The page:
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|Kings at Pacers||7 p.m. ET|
|Warriors at Heat||7:30 p.m. ET|
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Kings at Pacers
|Pick||Davion Mitchell Over 2.5 Turnovers (+100)|
|Tipoff||7 p.m. ET|
Brandon Anderson: You could say these teams are a bit familiar with each other. If you haven’t been paying attention, you might even think half the players are wearing the wrong jerseys when you tune in tonight. Tyrese Haliburton and Buddy Hield are Pacers now; Domantas Sabonis is a King. It was one of the trade-deadline blockbusters, and it’s still taking a minute to get a handle on.
One reason the Kings traded Haliburton goes all the way back to the night of the draft, when Sacramento used its lottery pick on standout Baylor guard Davion Mitchell — one of the stars on the Bears’ national championship team. Mitchell is a tenacious defender and a high-energy, character player who can help any team, but he was always a curious addition to this particular roster since it already had Haliburton and De’Aaron Fox at the time.
Turns out that didn’t last.
The Haliburton-Sabonis trade likely paves the way toward a starter spot next for Mitchell in the future, next to Fox. But tonight it means even more, because both Fox and Sabonis are out injured, which means we’re about to get a whole lot of Mitchell out of sheer necessity.
Mitchell started the last two games with Fox sidelined, and has played more than 81 minutes combined against two of the league’s toughest teams, Boston and Phoenix. And he’s been pretty good! Last time out against the Suns, Mitchell put up 28 points and nine assists, both career highs for the rookie. And now that Sabonis is out tonight, too, Mitchell’s usage and role should only increase.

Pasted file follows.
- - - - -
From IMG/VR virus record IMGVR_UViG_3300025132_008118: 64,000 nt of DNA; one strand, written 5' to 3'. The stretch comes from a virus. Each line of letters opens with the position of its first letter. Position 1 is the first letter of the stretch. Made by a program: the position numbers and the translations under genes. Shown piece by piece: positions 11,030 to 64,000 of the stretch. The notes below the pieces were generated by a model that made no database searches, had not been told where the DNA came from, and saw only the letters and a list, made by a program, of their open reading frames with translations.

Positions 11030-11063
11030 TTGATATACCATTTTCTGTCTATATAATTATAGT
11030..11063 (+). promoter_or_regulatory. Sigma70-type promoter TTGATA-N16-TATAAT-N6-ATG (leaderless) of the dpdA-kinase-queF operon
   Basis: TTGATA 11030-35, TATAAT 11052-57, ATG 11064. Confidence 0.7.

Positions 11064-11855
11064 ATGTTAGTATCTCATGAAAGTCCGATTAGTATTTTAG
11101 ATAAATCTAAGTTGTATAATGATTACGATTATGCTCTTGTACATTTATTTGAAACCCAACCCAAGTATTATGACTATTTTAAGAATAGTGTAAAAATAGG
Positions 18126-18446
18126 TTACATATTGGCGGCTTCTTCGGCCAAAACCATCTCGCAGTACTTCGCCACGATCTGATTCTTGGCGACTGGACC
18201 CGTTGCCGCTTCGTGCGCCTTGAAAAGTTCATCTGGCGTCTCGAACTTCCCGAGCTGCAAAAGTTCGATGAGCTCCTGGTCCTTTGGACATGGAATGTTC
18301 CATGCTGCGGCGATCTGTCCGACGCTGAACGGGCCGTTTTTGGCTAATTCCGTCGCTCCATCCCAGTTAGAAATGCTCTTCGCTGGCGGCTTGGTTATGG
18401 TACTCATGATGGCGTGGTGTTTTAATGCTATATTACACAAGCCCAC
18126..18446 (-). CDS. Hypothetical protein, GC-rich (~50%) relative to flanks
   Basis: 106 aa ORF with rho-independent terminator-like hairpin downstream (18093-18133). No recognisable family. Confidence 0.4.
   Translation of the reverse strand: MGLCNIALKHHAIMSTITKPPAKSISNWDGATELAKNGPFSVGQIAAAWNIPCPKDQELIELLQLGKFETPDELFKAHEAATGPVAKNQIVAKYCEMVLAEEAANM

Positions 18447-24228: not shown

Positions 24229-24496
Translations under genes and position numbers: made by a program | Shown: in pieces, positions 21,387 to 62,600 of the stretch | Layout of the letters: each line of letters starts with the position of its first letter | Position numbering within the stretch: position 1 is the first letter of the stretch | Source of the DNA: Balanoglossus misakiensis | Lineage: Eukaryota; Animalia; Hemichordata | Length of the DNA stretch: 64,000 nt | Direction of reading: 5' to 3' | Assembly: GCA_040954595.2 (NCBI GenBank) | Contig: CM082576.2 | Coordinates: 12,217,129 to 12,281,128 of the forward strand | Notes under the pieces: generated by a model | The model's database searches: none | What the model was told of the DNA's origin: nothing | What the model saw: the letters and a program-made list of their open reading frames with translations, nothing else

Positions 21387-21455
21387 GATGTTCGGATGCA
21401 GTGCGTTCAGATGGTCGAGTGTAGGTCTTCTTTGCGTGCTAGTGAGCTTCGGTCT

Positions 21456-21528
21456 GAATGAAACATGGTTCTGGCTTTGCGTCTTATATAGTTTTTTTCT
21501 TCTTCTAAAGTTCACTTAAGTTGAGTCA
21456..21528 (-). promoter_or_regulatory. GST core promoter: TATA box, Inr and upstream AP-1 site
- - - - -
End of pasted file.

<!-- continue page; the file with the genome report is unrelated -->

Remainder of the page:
That means more time on the ball, more shots, more passing and handling … and more turnovers.
Mitchell had one other career-high in his last game: Five turnovers. He had four turnovers against the Celtics, too. Those games were two of his four-highest turnover nights of his NBA career. And that’s really not even a critique! Rookies turn the ball over, especially when they’re suddenly given the ball and asked to do everything for a fledgling roster.
This line feels way off to me. We need only three turnovers from Davion to hit, and even though Indiana doesn’t force as many turnovers as Boston and Phoenix, Mitchell will have the ball all game — and he just isn’t a good enough handler or decision-maker yet to keep the stat sheet clean.
I wish we could play an escalator here for an even higher line, but I’ll take the even odds at over 2.5 turnovers and even play two units while +100 is out there. Otherwise, I’ll play to -150 if needed.
Warriors at Heat
|Tipoff||7:30 p.m. ET|
Raheem Palmer: If you listened to our Wednesday Workshop podcast featuring myself and my colleague Matt Moore, you’ll know that I gave this under out at 214.5 — but there’s still some value here down to 209.
I also gave out the Heat at -5.5, but -6.5 is the limit.
The Warriors are a sinking ship playing their third game in four nights against the Heat, who come off a disappointing 113-106 loss to the 76ers without Joel Embiid and James Harden. This is an ideal bounce-back spot against a Warriors team that lost to the Magic and will be missing Steph Curry.
The Warriors are just 2-6 with an Offensive Rating of just 108.5 without Curry this season. With Curry on the floor, they’re scoring 115.8 points per 100 possessions. They’ll be facing a Heat team that’s fourth in Defensive Rating (108.2) in their non-garbage time minutes according to Cleaning the Glass.
Nonetheless, I’m not expecting an offensive improvement from the Warriors here.
While the Warriors do struggle offensively without Curry, they still have one of the best defenses in the league, holding opposing teams to just 107.1 points per 100 possessions — third among NBA teams. The Heat are just 13th in half court offensive point per 100 possessions (96.6), so they’re not a team that can run away and hide by putting up big offensive numbers.
The Heat also don’t play fast-paced games, ranking 27th in Pace (96.1) and 22nd in Offensive Length of Possession (15 seconds) while also ranking dead last in Defensive Length of Possession (15 second) — a testament to making opposing offense use more of the shot clock and take tough shot.